Continued ease of use and reliability make sending parts to Form 4 an easy decision. “99% of the time, I know I’ll have a successful print. And the other 1%, I know I can fix it myself. If a printer were to go down, I can get it operating on the same day. It’s super nice to have that reliability,” says Tetzl. 

Black Diamond head lamp
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Materials Matter: Versatility, Accuracy and Performance

Black Diamond Ski Pole and 3D printed prototype

This set-up for fatigue testing a trekking pole uses fixtures printed on Form 4 in Grey Resin V5 (left) and on Fuse 1+ 30W in Nylon 12 Powder (right). 

For highly technical products like Black Diamond’s gear, the development process needs to cover a wide range of material properties and extensive testing. One recent product design cycle for a lightweight trekking pole put Form 4 and the new Grey Resin V5 to the test. 

They had previously tested the components that go into the trekking pole in Nylon 12 Powder on the Fuse. “Most of our functional testing is in nylon, but we did this fixture on Form 4 because we could try a couple of designs out within hours,” says Tetzl. 

Though they were at first unsure if SLA resin could stand up to the extensive pressure and friction testing the trekking pole is put through, the Grey Resin V5 buttons on the pole mechanism lasted for over a million cycles with 35 pounds of pressure each cycle… and then for over a million more. “It’s stronger than previous versions. On helmets we’re seeing more detail than we did on Form 3,” says Tetzl. 

That detail is important for the large prototypes of helmets that the team prints on the desktop and benchtop printers — Form 4 and Form 3L. “The surface finish has been really good. The team is really impressed with all the parts we’ve printed off for them on Form 4 in Grey Resin and Clear Resin.”

Expanding the Footprint of What’s Possible With Form 3L

Form 3L large format resin stereolithography (SLA) 3D printer with Black Diamond 3D printed prototype helmet inside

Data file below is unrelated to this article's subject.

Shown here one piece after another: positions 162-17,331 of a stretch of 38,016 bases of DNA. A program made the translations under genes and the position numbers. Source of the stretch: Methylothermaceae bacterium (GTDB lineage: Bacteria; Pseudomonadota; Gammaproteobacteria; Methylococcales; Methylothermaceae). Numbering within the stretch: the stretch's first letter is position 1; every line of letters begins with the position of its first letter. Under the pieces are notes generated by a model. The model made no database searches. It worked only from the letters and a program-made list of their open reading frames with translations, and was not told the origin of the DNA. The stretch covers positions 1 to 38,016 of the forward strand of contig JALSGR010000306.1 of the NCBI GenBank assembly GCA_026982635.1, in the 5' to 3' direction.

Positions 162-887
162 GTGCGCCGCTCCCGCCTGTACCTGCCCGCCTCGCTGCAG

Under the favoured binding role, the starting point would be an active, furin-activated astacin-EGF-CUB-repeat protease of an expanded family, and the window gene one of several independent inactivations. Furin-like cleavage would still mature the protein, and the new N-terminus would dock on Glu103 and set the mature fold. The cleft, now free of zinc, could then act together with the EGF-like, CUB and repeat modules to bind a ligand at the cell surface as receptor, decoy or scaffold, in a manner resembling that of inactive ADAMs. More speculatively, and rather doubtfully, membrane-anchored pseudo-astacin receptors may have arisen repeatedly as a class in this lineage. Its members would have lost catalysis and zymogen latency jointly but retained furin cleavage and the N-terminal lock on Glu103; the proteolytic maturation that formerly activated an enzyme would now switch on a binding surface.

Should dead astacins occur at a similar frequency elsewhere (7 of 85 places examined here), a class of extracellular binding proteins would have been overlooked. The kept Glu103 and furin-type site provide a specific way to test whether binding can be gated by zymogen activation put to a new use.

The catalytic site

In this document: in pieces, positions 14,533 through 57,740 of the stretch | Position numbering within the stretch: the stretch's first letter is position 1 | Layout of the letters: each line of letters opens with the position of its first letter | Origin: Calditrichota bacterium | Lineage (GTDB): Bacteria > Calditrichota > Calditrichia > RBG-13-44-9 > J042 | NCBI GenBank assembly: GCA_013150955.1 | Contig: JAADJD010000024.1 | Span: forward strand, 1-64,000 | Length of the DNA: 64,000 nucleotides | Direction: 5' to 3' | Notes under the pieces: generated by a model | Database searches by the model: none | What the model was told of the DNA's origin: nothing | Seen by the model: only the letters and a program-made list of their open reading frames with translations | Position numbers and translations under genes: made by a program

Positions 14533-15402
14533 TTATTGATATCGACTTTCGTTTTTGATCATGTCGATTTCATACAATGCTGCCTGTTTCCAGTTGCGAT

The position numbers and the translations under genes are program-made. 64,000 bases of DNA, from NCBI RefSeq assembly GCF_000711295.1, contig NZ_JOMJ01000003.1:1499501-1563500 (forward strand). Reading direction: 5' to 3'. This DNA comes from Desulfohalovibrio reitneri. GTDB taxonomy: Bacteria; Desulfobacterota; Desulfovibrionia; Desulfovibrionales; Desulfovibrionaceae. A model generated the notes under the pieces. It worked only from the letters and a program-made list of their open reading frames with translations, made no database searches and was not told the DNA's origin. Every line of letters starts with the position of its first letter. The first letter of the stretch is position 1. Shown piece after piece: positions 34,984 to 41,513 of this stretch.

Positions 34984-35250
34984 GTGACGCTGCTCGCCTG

Benchtop resin 3D printing makes human-scale prototypes possible, without sacrificing surface finish or material versatility. 

Speed, materials versatility, and surface quality allow the Black Diamond design team to prototype faster, with more control over each step in the process. “We initially purchased the Form 3L with the intent to use it solely for helmet prototyping — we even called it the ‘helmet printer’ for the first few months. Then we realized that we can use it for a number of other projects where it’s super important to have that volume,” says Tetzl.

A few years ago the Black Diamond team took several steps to bring the development in-house of a competitive and highly-technical product category — footwear. They brought in an in-house cobbler, and when the Form 3L was purchased for helmets, the footwear team saw an opportunity. “We realized we can do full-size midsoles with really good detail and surface finish. The footwear team is doing tons of really tiny changes in the midsole design, so having in-house large-format capacity is pretty major for our footwear development,” says Tetzl. 

Though the Form 3L may have started as just the ‘helmet printer,’ it quickly turned into a versatile tool that enables a few different projects around the department. For the final stages of an ice tool project, the Form 3L let the team print full-size prototypes so they can test out grip feel and hanging, without worrying about an assembled prototype breaking apart in mid-air. After four years of design versions, large-format resin 3D printing in-house sped up the final iterative stages.

“With ice tools, you can look at it all day, but it’s going to come down to grip feel. Being able to 3D print it and get a rough idea of grip feel and hanging is super important,” says Tetzl.

Black Diamond ice tool product development process

3D printing and in-house SLA and SLS capabilities have made it possible to prototype this ice tool without worrying about assembled components affecting the grip feel or swing.